"Write good stories." "Stop marketing to me as a gender and just appeal to me as a person." "Publish more stories in book format."

In addition, virtually all of the females I talked to appeared to be highly literate, intelligent, forthright, and happy (even eager) to discuss the above. A good number of them also wanted to be writers.

I will be transcribing a few of the interviews I wrote down, from a spectrum of age groups, in a future post.


  1. The first three "fandoms" you mentioned as popular among females (Smallville, Pirates, and Harry Potter)are also the three which my 15-year-old daughter is absolutely obsessed with. :)

  2. Yeah, I noticed a gigantic difference between the gender makeup of the general crowd and that of the questioners at the so-called "DC Big Guns" panel. Sigh, girls just don't understand. (Joking, obviously... I really don't blame most women at all, especially when I hear the questions asked and, to a slightly lesser extent, some of the answers from the professionals on stage).

  3. I look forward to seeing the interviews! I am kind of curious if one of the questions asked considering the treatment they were receiving at the con was better than previous attendance (which would indicate that things might be improving for women).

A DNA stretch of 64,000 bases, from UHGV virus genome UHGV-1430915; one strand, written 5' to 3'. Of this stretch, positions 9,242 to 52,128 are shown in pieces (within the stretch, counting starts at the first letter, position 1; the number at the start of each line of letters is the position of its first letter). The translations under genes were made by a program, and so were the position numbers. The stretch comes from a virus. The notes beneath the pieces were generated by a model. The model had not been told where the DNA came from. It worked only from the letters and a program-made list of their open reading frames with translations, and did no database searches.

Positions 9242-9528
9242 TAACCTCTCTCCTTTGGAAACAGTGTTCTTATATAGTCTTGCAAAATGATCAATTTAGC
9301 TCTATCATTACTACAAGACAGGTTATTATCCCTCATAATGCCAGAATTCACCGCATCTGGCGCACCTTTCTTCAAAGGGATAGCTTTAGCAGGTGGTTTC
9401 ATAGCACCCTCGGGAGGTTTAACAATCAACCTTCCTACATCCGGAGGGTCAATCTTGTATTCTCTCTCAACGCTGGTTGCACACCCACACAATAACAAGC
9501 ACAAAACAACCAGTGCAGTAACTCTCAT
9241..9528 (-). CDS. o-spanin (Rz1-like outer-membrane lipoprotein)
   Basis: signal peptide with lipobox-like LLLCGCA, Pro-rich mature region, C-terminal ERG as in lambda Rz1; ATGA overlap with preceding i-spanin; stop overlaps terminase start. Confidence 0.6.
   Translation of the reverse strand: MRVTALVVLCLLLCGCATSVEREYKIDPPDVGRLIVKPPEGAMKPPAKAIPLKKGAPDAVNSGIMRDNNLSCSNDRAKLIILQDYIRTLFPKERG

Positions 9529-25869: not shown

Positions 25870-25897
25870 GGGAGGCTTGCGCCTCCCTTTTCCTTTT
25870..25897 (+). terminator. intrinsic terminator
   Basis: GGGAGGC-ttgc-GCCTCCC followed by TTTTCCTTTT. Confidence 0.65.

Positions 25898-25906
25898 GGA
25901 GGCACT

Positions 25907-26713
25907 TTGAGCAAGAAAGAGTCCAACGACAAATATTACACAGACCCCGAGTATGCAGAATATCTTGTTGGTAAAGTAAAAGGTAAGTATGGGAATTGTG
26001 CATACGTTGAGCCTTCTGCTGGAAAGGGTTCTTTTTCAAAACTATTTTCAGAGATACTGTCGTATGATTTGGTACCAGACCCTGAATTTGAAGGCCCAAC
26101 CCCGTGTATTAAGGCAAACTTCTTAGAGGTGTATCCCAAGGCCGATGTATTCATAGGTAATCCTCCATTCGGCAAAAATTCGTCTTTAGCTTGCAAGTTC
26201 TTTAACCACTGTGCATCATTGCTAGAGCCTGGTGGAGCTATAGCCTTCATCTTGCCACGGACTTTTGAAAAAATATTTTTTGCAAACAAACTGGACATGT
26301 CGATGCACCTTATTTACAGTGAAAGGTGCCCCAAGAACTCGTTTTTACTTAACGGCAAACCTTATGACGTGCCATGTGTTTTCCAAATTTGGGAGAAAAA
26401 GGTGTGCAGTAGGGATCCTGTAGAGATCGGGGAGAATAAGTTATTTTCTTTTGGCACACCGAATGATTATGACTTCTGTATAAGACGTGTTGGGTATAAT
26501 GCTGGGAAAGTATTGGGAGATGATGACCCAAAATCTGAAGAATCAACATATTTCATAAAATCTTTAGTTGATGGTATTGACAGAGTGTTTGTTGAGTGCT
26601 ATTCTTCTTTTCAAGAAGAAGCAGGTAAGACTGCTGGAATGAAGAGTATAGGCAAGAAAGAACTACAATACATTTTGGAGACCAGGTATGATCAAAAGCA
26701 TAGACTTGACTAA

I'd also like to hear more about what the slave Leias had to say about why that particular choice of costume...

  4. 'Stories' instead of recycled franchise soap-operatics retreading the same plots and creative teams endlessly until the book's cancellation?

    That'll never catch on.

  5. neat. hope a lot of editors wind up reading this.

    looking forward to the interviews.

  6. Very interesting, but not too surprising, results.

    I look forward to reading the interviews. Did you indicate their race as well as gender? It would be interesting to see if there were any racial disparities, or if all women, regardless of race, commented similarly. When you share the interviews, please state your questions completely, as the wording of the question can influence the answer.

    This would be a great thing to share with the folks at P.O.W.E.R. In Comics.